Law-making is a lengthy, tedious affair. The Kenyan process in creating biosafety laws may seem to have taken a long time, but there are some positive attributes to this. (see Will Kenya's Biosafety Bill of 2005 ever become law?)
The time has been well spent in educating the public on what biosafety is.
Different organisations, at risk of territorial wars, have been able to work together to define their roles, and have found a neutral ground on which to coordinate these roles.
Scientists, especially those involved with issues of plant health, pests and disease, have been able to attend training courses on risk assessment, and have improved documents important in implementing the biosafety bill.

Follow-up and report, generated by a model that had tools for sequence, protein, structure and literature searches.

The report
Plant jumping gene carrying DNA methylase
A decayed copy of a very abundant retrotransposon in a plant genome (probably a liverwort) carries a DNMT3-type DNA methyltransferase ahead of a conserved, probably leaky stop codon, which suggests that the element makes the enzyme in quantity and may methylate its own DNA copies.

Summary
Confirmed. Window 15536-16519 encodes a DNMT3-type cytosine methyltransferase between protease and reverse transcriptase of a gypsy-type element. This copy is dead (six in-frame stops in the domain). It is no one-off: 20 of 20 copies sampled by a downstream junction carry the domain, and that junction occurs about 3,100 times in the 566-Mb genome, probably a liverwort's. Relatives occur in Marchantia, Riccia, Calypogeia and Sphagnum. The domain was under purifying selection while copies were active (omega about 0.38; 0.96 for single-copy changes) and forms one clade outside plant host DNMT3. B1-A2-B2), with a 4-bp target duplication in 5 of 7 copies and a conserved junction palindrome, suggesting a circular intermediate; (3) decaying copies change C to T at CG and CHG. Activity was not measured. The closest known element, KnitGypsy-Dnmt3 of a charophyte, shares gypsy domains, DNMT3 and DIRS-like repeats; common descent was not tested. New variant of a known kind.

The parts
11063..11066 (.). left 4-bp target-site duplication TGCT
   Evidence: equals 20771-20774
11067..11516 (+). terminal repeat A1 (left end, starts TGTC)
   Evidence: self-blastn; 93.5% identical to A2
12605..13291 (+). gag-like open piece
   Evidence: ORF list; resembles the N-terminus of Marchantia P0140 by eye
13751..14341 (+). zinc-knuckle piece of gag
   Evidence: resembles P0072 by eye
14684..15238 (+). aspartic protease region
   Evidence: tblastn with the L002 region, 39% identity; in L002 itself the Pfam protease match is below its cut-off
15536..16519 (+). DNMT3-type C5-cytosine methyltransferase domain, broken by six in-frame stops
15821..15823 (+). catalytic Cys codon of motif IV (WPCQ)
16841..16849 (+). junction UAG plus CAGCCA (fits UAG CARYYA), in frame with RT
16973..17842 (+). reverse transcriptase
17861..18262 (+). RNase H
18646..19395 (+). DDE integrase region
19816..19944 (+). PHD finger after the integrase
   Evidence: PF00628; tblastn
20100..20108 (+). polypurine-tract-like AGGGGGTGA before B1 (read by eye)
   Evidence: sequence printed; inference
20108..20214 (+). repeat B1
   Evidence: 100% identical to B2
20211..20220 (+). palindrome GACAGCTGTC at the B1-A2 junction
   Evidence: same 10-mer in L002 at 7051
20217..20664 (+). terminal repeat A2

The Kenyan National Biosafety Committee has been able to thoroughly familiarise itself with necessary decision-making processes.
Kenya has benefited from the Biosciences East and Central Africa initiative — an African centre of excellence in Kenya, focusing on the biological sciences.
Research has been ongoing, with the National Biosafety Committee approving various laboratory experiments and field trials. Kenya has also been able to set up a level two, state-of-the-art greenhouse facility.
All in all, by the time the bill is enacted, most people will not be caught flat-footed, but rather will be prepared to move to whatever the next level is – namely commercialisation.
In law-making, factors beyond the control of policymakers may come into play. There are political factors that should also be considered.These situations are not necessarily unique to Kenya. However, it is the hope of all Kenyans, especially those involved in this process, that the biosafety laws will no longer be a draft, but will instead be law, at least before the end of the year.